9. Integrated small RNA, mRNA, and degradome sequencing reveals the important role of miRNAs in the interactions between parasitic plant Cuscuta australis and its host Trifolium repens Li Zhou, Qiu Wei Lu, Bei Fen Yang, Lyuben Zagorchev, Jun Min Li Scientia Horticulturae, volume 289 Monday 29 November 2021 Cuscuta australis R.Br. is a stem parasite that obtains water and nutrients from host plants, with which it also exchanges proteins and mRNAs with host plants. Recently, a study found that novel miRNAs accumulated during C. campestris Yunk. parasitism of Arabidopsis thaliana L. However, the fate of miRNAs transferred from parasite to host plants as... Cuscuta australis R.Br. is a stem parasite that obtains water and nutrients from host plants, with which it also exchanges proteins and mRNAs with host plants. Recently, a study found that novel miRNAs accumulated during C. campestris Yunk. parasitism of Arabidopsis thaliana L. However, the fate of miRNAs transferred from parasite to host plants as well as their targets has remained unexamined. To understand the miRNA–mRNA interaction network of host Trifolium repens L. in response to C. australis parasitism, integrated mRNA, small RNA, and degradome sequencing data were analyzed. In total, 60,824 unigenes were identified by RNA-seq, of which 1,601 were differentially expressed genes (DEGs). A total of 71 known miRNAs belonging to 38 miRNA families and 65 novel miRNAs were identified from small RNA sequencing data and 8,012 target genes were predicted. Of these target genes, 129 miRNA–mRNA pairs were identified via degradome analyzes. There were also eight differentially expressed miRNAs (DEMs). DEG and DEM correlation analyzes revealed 23 pairs of differentially expressed miRNA–mRNA pairs responsive to C. australis parasitism. The most enriched pathways were plant hormone signal transduction, ribosome and plant–pathogen interaction pathways. The miRNA–mRNA pairs in host T. repens, including trr-miR393a–RPS6, trr-miR398b–TGA, trr-miR395a/g–bHLH112, trr-miR395g–GH3, and trr-miRn41–WRKY/MYB, likely play important roles in interactions between host T. repens and parasitic C. australis. These results provide valuable information on the mechanisms of parasite–host plant interactions.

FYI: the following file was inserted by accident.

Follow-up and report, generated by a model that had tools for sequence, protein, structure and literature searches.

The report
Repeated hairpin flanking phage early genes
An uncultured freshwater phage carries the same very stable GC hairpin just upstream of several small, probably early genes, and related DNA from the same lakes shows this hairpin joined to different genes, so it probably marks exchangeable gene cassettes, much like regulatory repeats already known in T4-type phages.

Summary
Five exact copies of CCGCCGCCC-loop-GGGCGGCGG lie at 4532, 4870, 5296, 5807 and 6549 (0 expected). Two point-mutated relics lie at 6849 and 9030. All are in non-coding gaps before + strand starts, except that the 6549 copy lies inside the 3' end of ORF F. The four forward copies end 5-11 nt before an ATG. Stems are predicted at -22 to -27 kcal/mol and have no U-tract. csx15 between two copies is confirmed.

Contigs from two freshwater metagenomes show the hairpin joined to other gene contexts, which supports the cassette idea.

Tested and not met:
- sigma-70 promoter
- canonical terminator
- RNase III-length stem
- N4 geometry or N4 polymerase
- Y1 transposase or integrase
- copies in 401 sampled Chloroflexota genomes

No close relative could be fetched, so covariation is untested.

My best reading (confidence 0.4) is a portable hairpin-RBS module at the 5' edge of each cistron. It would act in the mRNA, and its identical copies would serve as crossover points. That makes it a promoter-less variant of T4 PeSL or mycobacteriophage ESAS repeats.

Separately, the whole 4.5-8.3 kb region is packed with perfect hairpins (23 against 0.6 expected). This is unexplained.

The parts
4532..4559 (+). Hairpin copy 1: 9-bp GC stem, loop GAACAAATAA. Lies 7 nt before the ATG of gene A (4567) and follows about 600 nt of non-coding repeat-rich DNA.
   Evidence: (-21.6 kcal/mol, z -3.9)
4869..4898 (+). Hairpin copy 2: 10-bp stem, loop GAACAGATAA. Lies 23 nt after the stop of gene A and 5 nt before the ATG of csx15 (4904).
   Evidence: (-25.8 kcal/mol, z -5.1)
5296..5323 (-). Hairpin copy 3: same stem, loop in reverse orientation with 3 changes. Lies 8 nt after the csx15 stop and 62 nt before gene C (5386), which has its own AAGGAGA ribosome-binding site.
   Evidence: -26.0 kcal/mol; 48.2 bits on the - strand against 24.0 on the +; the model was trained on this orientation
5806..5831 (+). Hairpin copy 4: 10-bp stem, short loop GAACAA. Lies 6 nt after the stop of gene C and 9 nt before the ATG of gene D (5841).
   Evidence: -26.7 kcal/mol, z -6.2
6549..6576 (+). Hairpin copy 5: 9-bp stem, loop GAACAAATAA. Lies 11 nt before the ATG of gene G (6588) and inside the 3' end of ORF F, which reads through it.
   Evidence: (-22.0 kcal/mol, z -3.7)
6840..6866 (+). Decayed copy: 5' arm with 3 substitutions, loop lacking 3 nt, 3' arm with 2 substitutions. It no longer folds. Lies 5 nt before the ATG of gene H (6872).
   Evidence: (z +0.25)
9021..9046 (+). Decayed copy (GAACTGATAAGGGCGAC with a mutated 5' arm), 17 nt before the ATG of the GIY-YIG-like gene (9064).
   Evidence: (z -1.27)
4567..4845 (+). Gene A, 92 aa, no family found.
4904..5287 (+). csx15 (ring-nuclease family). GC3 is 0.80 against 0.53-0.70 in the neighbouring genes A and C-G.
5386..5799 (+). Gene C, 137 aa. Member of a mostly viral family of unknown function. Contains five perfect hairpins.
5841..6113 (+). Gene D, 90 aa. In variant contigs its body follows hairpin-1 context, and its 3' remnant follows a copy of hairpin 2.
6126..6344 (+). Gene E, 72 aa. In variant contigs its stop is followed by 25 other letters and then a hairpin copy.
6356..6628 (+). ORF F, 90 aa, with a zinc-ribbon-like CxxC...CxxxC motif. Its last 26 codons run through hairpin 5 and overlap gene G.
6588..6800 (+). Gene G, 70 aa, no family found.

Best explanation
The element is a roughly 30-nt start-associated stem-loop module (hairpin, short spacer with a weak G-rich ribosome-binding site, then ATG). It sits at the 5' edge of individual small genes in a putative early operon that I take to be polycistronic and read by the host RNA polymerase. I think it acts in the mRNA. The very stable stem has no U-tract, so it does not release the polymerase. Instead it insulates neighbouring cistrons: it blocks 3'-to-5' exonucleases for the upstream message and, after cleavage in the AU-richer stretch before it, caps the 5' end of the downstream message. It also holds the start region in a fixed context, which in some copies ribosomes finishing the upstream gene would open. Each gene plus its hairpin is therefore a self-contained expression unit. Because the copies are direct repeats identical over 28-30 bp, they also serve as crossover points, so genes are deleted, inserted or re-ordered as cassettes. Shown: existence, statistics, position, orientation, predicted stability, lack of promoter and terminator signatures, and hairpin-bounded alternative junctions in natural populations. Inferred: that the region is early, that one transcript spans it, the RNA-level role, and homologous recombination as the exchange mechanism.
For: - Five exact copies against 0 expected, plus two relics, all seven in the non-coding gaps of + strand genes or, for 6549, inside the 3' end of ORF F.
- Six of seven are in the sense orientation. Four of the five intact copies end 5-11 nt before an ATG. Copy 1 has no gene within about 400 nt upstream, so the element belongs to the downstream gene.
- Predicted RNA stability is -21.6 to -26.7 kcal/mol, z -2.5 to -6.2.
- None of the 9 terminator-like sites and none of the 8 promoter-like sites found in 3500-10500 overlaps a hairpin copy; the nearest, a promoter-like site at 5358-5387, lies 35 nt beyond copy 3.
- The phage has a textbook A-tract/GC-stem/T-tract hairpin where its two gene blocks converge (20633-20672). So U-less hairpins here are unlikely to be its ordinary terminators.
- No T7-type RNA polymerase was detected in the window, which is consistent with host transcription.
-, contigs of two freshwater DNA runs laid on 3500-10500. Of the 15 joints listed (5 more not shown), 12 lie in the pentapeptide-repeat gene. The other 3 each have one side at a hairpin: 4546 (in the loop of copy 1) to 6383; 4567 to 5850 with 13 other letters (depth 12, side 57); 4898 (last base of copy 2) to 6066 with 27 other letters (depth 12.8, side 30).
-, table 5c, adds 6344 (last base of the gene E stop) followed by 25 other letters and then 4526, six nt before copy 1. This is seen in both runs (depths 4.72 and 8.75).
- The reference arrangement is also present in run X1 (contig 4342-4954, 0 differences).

10. QTL dissection and mining of candidate genes for Ascochyta fabae and Orobanche crenata resistance in faba bean (Vicia faba L.) Natalia Gutierrez, Ana M. Torres BMC Plant Biology, volume 21 Sunday 28 November 2021 Background: Ascochyta blight caused by Ascochyta fabae Speg. and broomrape (Orobanche crenata) are among the economically most significant pathogens of faba bean. Several QTLs conferring resistance against the two pathogens have been identified and validated in different genetic backgrounds. The aim of this study was to saturate the most stable QTL... Background: Ascochyta blight caused by Ascochyta fabae Speg. and broomrape (Orobanche crenata) are among the economically most significant pathogens of faba bean. Several QTLs conferring resistance against the two pathogens have been identified and validated in different genetic backgrounds. The aim of this study was to saturate the most stable QTLs for ascochyta and broomrape resistance in two Recombinant Inbred Line (RIL) populations, 29H x Vf136 and Vf6 x Vf136, to identify candidate genes conferring resistance against these two pathogens. Results: We exploited the synteny between faba bean and the model species Medicago truncatula by selecting a set of 219 genes encoding putative WRKY transcription factors and defense related proteins falling within the target QTL intervals, for genotyping and marker saturation in the two RIL populations. Seventy and 50 of the candidate genes could be mapped in 29H x Vf136 and Vf6 x Vf136, respectively. Besides the strong reduction of the QTL intervals, the mapping process allowed replacing previous dominant and pedigree-specific RAPD flanking markers with robust and transferrable SNP markers, revealing promising candidates for resistance against the two pathogens. Conclusions: Although further efforts in association mapping and expression studies will be required to corroborate the candidate genes for resistance, the fine-mapping approach proposed here increases the genetic resolution of relevant QTL regions and paves the way for an efficient deployment of useful alleles for faba bean ascochyta and broomrape resistance through marker-assisted breeding.